Consumerism is often looked at as a negative thing. But as consumers, we can help push society in positive directions by choosing what we buy. Here are 6 inclusive companies you should support: businesses that hire people with physical or intellectual disabilities and help them be a fairly-paid, contributing members of society.

Photo of Starbucks at Fullerton Waterboat House. It's the first store in Singapore to collaborate with the Autism Resource Center (ARC) Employability and Employment Center (E2C) to train people with autism.
(via Burpple)

1. Starbucks

Arguably the most famous coffee chain from around the world, Starbucks has two outlets in Singapore that employ autistic staff – one is at the Fullerton Waterboat House and the other at Singapore Land Tower. The company collaborates with Autism Resource Centre by hiring their clients and providing barista and cafe operations skills training to the eventual employees. (Right here at the Art Faculty, we should add.)

At the Fullerton Waterboat House outlet, you may also buy tumblers designed by a student from the autism-focused Pathlight School. $5 from proceeds goes to the Autism Resource Centre. Getting your caffeine fix and contributing towards empowering others – what a way to start the day!


Close-up of freshly-cooked oyster omelette on a plate
(via Asia for Good)

2. New Rasa Singapura

The name New Rasa Singapura is a throwback to the Rasa Singapura Food Centre, the old favourite hawker haunt in the Tanglin area. The casual cafe/bar serves up local classics (think char kway teow, chicken rice, laksa and more) as well as bar grub, at great happy hour prices to boot. We heard that the har cheong-flavoured New Rasa Chicken Wings are to die for.

Your servers for the day are people with physical disabilities, former stroke and depression patients, as well as the elderly. The company is all about flexibility: staff with mobility issues, for example, can choose their working hours so that they can commute during the less crowded, off-peak timings. The food preparation process is broken down into smaller tasks for staff so that things don’t get overwhelming for the staff during lunch and dinner hours.

Photo of a brightly-lit UNIQLO shopfront at night
(via mummywhy)

3. Uniqlo

The Japanese retailer hires persons with intellectual disabilities, tailoring the work training programme to their needs. Uniqlo has created a buddy system that pairs disabled staff with store managers so that they feel looked after and supported. Able-bodied employees are also encouraged to extend patience and consideration to their special-needs colleagues.

Uniqlo also runs another corporate social responsibility programme in conjunction with special needs schools in Singapore, giving selected students $100 vouchers to spend at the store, to practice the important skill of decision making without parental supervision.

Photo of a Vanda Miss Joaquim leather broach by Personalised Love
(via Personalised Love)

4. Personalised Love

Personalised Love produces snazzy customised corporate gifts and beautifully handcrafted knick-knacks such as luggage tags, brooches, keychains, created by a core team of special-needs craftsmen. . The social enterprise also runs craft workshops for special needs youths so that they’re able to express themselves and improve hand-eye-coordination. We’ve been told that the act of creating things with their hands can also be very therapeutic for people with special needs. We especially love the Vanda Miss Joaquim brooches, a craftsy and  pretty re-creation of Singapore’s national flower in leather.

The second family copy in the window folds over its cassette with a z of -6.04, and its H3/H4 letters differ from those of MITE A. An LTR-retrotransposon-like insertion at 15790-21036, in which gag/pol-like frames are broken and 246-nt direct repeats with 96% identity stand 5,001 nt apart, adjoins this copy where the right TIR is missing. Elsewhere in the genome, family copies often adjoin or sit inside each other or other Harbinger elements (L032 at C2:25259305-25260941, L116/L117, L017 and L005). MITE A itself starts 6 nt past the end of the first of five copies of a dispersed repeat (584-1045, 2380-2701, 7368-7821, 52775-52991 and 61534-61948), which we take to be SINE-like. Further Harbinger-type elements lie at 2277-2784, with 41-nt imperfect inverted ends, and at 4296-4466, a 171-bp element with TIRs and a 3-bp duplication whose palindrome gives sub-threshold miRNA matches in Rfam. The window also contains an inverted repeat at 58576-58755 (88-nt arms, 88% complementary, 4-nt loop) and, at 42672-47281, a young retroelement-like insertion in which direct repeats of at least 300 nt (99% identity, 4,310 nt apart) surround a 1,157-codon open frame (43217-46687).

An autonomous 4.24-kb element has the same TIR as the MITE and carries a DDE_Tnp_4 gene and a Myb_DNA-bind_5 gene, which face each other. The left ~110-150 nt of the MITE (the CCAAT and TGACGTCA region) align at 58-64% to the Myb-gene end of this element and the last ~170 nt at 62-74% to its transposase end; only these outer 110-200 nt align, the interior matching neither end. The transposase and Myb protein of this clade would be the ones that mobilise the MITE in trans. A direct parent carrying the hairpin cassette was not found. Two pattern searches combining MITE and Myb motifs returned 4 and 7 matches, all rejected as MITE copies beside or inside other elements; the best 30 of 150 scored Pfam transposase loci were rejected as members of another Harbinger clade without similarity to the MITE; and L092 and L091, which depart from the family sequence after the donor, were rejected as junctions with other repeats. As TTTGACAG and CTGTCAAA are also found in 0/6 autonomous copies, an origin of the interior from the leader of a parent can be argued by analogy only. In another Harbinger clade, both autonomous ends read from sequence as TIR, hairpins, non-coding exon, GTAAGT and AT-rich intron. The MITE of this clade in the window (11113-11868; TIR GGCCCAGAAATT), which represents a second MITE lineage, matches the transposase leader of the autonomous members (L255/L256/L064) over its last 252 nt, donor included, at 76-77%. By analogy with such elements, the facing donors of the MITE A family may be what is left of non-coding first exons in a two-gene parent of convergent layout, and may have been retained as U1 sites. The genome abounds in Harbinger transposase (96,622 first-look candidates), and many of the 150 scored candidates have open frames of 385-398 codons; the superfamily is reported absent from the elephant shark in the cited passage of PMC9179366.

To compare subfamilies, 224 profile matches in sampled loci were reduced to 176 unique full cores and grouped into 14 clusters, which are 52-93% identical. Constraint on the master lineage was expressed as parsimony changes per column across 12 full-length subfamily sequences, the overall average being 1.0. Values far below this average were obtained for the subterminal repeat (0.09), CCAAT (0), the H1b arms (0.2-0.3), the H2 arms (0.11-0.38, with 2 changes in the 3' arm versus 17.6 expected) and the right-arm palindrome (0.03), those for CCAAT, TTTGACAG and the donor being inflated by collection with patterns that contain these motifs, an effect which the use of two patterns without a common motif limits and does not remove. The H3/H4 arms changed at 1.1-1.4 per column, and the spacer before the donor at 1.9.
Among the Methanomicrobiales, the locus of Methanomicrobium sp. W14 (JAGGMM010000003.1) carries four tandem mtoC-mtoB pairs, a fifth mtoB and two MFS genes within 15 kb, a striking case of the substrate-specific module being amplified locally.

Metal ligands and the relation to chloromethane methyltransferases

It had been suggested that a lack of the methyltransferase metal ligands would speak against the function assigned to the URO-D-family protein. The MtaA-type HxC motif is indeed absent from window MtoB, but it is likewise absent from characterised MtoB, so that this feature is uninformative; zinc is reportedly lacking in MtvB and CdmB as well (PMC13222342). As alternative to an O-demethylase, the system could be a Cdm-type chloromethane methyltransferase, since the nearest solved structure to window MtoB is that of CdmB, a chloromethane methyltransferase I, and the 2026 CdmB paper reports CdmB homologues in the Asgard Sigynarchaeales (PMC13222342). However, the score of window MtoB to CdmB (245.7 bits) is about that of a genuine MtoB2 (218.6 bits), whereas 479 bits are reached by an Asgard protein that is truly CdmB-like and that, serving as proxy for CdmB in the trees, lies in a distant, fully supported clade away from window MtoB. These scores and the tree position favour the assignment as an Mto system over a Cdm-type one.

Photo of patrons at a Dignity Kitchen outlet
(via Dignity Kitchen)

5. Dignity Kitchen

Probably the only place where you may find that your waiter is in a wheelchair, your cashier is visually-impaired and your chef has hearing impairments. Dignity Kitchen is a hawker training school and eating centre for disabled and disadvantaged people. They have three outlets in Singapore: Balestier, Kaki Bukit View and Serangoon.

The training they provide is thorough, covering everything from food preparation and cooking, to running the cashier, to waiting service. Roles are aligned to the capabilities of individual staff and trainees. The training centre and business is a successful approach to empowering these communities and creating a platform for inclusive interaction with the public.

Photo of a dining space at Nox (when fully lit)
(via NOX)

6. Nox

Nox is an eye-opening (pun fully intended) fine-dining experience. Patrons are guided at all times by a blind member of the wait staff, but the one thing they won’t help you with is tell you what you’re being served. Get a taste of what it’s like to be visually-impaired (again, pun intended): Have fun guessing what you’re eating. You’ll find out at the end of the meal but don’t be surprised to see that you’ve gotten some guesses completely wrong! This restaurant not only offers employment to those who are visually-impaired, but also helps to raise awareness and empathy among the able-bodied members of the public.